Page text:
BOOM: CMS bows to my will* again, implements SEP verification requirements
2018 MIDTERM ELECTION
Time: D H M S
*(OK, not really; I'm not the only one who was suggesting this, but it some people really do seem to think that I have dictatorial control over CMS...)
I guess the question here is just how much verification the HHS Dept. and/or the assorted state-based exchanges are doing of these claims. In cases like getting married/divorced, giving birth, becoming a citizen or getting out of jail, I would imagine the verification should be pretty easy. However, the "Tax Penalty Ignorance" exception was pretty much based on an honors system, and I don't know how easy/difficult it is for the feds to "verify" that your income has increased/decreased substantially...at least, not until you file your taxes the following year, which could be up to a year after the claim is made.
...So, what's the solution to this, assuming the problem is widespread? Well, I can think of some obvious tweaks to the rules, almost all of which involve simply reducing grace periods:
- Shorten the 90-day Payment grace period down to 30 or 60 days.
- Shorten the 95-day Residency Documentation data matching grace period down to 30 or 60 days.
- Shorten the 3-month Individual Mandate grace period to 1 or 2 months.
- Shorten the 60-day grace periods for having a baby, getting married, etc. down to 30 days.
Beyond that, I'd imagine it's just a matter of tightening up the verification of any/all of the above, assuming that it's not being checked very thoroughly at the moment.
...After all of the above, I guess my real question is this: DOES CMS/Healthcare.Gov actually verify SEP eligibility at all? I've never needed to use one, so I don't know what happens when you try to do so. Does it require you to upload a copy of your marriage certificate, the birth certificate for your newborn, a termination notice, change of address form, etc etc? I have no idea. How about the state-based exchanges?
I don't imagine that there would be any way of proving fraud for dropping your coverage at any time after signing up as long as you've paid the minimum number of monthly premiums, but signing up during the off season should have some sort of verification process.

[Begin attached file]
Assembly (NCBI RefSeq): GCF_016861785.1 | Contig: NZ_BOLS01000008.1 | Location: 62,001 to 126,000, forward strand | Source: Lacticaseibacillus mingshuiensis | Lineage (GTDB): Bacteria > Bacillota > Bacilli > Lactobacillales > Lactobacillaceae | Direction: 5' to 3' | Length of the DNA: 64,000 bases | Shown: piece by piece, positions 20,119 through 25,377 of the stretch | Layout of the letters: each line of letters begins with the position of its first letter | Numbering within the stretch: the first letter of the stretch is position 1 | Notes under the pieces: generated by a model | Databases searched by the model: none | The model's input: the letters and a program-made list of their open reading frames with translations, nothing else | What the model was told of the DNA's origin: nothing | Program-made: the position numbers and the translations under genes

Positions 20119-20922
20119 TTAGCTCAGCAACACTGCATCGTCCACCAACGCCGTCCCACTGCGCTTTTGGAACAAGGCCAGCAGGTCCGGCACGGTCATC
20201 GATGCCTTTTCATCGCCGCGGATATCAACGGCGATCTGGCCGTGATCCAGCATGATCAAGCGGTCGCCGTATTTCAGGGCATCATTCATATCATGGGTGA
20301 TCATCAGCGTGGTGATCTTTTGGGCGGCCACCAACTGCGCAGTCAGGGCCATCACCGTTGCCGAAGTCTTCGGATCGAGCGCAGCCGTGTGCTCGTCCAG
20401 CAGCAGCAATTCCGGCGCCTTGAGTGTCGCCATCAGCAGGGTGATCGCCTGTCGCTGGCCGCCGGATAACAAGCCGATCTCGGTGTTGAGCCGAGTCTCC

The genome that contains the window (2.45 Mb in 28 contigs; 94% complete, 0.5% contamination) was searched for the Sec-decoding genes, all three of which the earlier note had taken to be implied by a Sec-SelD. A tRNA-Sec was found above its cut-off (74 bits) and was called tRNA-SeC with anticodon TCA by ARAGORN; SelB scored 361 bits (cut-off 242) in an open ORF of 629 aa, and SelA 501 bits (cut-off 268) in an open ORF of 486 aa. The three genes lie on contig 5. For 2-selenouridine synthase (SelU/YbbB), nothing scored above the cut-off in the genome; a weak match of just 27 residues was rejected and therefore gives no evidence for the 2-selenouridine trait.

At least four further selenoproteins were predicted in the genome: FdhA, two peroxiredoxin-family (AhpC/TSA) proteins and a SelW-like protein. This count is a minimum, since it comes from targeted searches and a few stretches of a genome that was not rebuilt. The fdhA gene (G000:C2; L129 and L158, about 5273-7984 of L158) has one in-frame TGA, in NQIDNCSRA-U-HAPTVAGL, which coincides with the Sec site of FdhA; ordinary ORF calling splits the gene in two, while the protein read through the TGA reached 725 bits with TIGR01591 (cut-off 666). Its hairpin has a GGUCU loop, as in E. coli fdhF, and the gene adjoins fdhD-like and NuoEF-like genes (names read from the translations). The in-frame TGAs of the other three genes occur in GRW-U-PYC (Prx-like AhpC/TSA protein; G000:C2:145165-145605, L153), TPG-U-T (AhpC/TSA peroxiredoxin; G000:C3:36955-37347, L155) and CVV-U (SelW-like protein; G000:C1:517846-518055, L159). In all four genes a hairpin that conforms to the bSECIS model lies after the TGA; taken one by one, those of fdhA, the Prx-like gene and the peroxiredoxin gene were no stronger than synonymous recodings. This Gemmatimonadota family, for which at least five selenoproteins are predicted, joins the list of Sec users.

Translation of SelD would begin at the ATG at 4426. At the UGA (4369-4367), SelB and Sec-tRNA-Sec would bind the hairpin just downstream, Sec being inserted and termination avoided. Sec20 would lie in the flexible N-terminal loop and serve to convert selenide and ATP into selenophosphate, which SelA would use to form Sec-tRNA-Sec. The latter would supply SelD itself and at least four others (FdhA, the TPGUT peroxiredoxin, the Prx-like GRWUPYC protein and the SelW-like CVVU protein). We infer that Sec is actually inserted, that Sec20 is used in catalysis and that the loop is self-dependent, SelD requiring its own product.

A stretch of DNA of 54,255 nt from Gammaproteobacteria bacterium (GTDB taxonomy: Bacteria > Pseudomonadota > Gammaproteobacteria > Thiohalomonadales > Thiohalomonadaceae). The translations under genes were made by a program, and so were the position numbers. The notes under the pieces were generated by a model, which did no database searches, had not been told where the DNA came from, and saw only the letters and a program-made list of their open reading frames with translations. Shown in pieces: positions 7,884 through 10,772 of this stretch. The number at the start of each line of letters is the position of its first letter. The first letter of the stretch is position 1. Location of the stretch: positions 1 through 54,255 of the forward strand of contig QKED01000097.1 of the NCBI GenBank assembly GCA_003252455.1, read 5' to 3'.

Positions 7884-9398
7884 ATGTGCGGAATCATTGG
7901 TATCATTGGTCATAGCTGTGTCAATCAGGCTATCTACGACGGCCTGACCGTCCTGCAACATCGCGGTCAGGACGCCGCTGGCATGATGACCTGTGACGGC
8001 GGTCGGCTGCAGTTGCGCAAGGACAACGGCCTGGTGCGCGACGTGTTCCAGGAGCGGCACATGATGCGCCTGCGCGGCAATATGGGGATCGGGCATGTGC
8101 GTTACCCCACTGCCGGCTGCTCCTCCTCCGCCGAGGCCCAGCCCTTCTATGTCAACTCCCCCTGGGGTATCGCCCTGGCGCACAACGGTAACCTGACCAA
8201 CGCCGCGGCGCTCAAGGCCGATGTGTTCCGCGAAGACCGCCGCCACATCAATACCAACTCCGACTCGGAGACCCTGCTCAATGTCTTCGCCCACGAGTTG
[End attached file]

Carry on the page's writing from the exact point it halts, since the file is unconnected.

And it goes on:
...Andy Slavitt...acknowledged the problems and said the administration would tighten the rules for special enrollments — and terminate coverage for those who found to have signed up improperly.
"There are some [special enrollment periods] that we need to clarify because they're subject frankly to abuse," Slavitt said...the administration would spell out its plans in the next week, and stressed that people who want coverage need to get it by the Jan. 31 deadline for the regular signup period.
Enforcing the Rules: Finally, we will take steps to make sure that consumers understand and comply with the rules. We will conduct an assessment of plan selections that are made through certain special enrollment periods to evaluate whether consumers properly accessed coverage. Our program integrity team will pull samples of consumer records nationally and may request additional information from some consumers or take other steps to validate that consumers properly qualified for these special enrollment periods. The findings from the assessment will help us to inform future policy and operational improvements to enhance program integrity. Additional details will be provided in the coming weeks.
We will also emphasize more strongly to applicants that the law requires that consumers provide accurate information to the Marketplace, and they may be subject to penalties under federal law if they intentionally provide false or untrue information.